For Adaptive LED headlamps, it helps me during heavy rain at night, and early in the morning or extremely late at night after work, where it shines and lightens up the road, and creates a shadow by not glaring other road users when they are in front of me. This matrix LED is a much needed safety feature that every car should have to make sure the roads are well-lit and provides clear visibility.
Before I forgot about the i-Stop or Mazda version of Auto Start Stop, as all driving enthusiasts, I turned off all the time, and activated only when I come to a long stop at a traffic light.
Mazda Connect (MZD Connect) infotainment system, I pretty much didn’t use it, when I have Android Auto APK installed on my phone. MZD Connect is a great system to use nonetheless, but having Spotify and Waze integrated in the system, it spices up to another level and I used Waze all the time for navigation, Spotify to keep myself entertained.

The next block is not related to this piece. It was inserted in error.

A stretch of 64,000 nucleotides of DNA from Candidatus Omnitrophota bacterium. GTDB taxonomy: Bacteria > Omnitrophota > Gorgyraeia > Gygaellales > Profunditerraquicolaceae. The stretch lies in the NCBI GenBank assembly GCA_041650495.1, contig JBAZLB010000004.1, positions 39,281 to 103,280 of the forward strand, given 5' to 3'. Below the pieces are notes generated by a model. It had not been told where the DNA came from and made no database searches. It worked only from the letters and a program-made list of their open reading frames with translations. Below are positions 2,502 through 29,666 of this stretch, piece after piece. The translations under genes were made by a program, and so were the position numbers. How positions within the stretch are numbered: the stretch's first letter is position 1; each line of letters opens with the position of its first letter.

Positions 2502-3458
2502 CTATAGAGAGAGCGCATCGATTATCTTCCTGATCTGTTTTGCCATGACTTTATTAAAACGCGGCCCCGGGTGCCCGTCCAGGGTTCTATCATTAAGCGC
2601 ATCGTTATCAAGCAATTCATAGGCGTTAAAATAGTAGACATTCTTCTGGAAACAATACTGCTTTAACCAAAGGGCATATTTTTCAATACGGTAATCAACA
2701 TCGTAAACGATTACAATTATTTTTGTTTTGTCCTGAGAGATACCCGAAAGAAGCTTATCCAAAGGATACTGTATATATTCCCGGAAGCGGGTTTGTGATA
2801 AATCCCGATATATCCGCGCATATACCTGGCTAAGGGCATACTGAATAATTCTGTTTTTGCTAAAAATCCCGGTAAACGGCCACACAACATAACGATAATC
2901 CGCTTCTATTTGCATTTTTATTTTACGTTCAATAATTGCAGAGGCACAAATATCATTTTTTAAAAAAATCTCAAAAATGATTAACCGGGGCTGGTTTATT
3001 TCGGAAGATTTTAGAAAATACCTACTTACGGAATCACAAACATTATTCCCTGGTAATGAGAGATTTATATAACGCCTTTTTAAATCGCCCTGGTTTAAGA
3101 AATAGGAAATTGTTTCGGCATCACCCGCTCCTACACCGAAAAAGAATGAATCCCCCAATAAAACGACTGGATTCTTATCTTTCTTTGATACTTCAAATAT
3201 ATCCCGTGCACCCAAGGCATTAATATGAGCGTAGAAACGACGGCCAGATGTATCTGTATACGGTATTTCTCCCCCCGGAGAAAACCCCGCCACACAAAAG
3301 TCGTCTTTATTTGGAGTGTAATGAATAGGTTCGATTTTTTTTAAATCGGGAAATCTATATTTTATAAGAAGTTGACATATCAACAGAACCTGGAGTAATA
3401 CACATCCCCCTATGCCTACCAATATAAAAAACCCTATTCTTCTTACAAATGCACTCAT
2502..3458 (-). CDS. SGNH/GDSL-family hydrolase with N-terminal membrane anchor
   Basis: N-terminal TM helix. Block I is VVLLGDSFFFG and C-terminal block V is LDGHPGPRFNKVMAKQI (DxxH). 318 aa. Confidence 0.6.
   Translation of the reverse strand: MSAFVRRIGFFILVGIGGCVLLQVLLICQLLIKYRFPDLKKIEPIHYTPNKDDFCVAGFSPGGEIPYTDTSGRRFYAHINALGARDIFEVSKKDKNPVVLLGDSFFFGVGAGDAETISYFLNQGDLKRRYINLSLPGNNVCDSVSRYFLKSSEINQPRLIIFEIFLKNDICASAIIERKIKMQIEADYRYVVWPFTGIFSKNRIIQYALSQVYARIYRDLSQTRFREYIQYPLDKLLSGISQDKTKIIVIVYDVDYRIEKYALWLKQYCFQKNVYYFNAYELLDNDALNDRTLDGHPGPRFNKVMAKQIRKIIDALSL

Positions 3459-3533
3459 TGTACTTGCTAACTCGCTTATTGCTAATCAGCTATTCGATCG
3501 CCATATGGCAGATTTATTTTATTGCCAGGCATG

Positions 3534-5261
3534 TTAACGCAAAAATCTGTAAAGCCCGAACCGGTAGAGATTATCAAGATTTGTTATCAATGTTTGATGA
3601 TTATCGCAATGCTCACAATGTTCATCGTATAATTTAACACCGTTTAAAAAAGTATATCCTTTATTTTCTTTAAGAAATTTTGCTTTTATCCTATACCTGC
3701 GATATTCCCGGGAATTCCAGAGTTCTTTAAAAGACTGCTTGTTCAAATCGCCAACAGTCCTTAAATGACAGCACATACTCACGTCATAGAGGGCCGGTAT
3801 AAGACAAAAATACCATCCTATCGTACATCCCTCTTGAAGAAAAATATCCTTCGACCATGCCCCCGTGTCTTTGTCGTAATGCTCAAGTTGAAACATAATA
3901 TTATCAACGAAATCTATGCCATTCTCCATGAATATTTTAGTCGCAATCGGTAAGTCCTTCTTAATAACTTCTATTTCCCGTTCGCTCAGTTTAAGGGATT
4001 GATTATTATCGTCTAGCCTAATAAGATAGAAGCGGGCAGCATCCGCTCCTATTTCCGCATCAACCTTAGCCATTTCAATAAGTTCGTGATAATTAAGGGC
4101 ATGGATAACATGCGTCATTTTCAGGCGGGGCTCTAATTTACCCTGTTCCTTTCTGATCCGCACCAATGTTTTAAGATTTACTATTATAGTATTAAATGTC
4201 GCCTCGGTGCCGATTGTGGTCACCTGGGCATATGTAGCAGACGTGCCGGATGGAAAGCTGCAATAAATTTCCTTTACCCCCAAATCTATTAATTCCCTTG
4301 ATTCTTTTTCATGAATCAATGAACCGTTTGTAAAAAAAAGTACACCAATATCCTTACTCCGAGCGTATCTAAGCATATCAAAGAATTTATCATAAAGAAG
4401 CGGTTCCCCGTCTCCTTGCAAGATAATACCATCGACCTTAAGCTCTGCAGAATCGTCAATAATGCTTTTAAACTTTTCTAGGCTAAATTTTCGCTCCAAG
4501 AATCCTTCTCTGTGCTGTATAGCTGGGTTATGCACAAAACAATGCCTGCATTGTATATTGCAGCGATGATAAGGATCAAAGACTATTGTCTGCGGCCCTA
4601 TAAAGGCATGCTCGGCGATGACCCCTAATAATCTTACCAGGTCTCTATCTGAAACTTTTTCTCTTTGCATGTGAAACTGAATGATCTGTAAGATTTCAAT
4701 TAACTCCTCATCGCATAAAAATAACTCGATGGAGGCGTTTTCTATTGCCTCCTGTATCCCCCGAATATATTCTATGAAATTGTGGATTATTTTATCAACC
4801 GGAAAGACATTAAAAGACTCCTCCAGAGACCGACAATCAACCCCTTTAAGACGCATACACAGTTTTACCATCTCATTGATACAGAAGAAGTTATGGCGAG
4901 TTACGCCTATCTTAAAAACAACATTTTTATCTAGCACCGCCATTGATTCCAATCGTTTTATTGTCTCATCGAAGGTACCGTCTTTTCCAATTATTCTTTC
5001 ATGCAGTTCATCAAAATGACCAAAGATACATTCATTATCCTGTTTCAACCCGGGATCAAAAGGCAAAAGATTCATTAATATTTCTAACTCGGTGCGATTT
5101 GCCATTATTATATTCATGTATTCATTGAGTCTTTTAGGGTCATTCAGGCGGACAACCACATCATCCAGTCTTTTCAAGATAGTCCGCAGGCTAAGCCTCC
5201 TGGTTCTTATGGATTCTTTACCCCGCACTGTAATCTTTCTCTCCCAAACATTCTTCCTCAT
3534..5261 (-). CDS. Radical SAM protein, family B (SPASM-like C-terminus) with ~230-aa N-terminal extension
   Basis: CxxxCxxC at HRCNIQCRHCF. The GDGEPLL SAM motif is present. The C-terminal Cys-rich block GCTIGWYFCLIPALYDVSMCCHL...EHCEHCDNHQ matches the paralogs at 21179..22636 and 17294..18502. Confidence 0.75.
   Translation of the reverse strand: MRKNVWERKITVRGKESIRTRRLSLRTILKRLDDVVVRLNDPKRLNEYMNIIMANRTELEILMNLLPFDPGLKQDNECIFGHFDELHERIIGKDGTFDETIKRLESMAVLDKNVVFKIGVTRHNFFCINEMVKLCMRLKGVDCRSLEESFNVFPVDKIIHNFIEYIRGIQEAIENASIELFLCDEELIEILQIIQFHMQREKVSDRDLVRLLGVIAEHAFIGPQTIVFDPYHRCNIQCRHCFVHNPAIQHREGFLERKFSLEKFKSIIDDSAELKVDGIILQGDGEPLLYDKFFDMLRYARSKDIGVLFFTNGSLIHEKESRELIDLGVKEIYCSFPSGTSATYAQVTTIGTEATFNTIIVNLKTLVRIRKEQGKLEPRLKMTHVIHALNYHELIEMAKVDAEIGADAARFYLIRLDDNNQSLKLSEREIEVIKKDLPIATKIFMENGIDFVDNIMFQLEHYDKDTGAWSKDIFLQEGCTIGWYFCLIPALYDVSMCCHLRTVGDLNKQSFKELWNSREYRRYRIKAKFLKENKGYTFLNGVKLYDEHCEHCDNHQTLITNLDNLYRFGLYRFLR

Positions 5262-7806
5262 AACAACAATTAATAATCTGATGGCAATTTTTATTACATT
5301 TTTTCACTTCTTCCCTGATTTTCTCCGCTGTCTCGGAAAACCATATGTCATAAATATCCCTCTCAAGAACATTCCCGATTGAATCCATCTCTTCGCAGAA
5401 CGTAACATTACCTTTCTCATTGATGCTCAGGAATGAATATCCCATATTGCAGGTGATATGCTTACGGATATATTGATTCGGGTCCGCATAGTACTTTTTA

During the weekend when family is out for lunch or dinner, the Mazda CX-5 perfectly fits five adults in my family, including myself. Space is pretty much usable and much better than Toyota’s newly launched C-segment sedan in my house, and you guys must be flaming me about different segments and pricing, I know I know. Cuppy space is descent with two cup holders, and bottle holders at all doors, two USB ports fast charging on the rear centre armrest allows my sister to charge her iPhone, two on the front which one I’m using for Android Auto (I wish I could have with wireless to prevent the wires dangling around), and three 12V socket, one on the front, one on the centre console and one at the boot. Now, when everyone complains the CX-5 is the smallest in its class, I have to say, it fits perfectly five adults, with some unused space which is still decently practical, and with 40 20 40 split-folding rear seats, it’s practical enough to do Ikea run, although I still don’t use it once, but the narrow window lines make the car claustrophobic and that’s lead to an ok visibility all round, and the black perforated leather seats don’t help, I wish that I have the option to spec beige leather and sunroof to allow more light transmits into the cabin and ventilated the heat in the cabin, which is very cool, but you guys Malaysian will say, nahh it’ll get dirty, all those nonsense.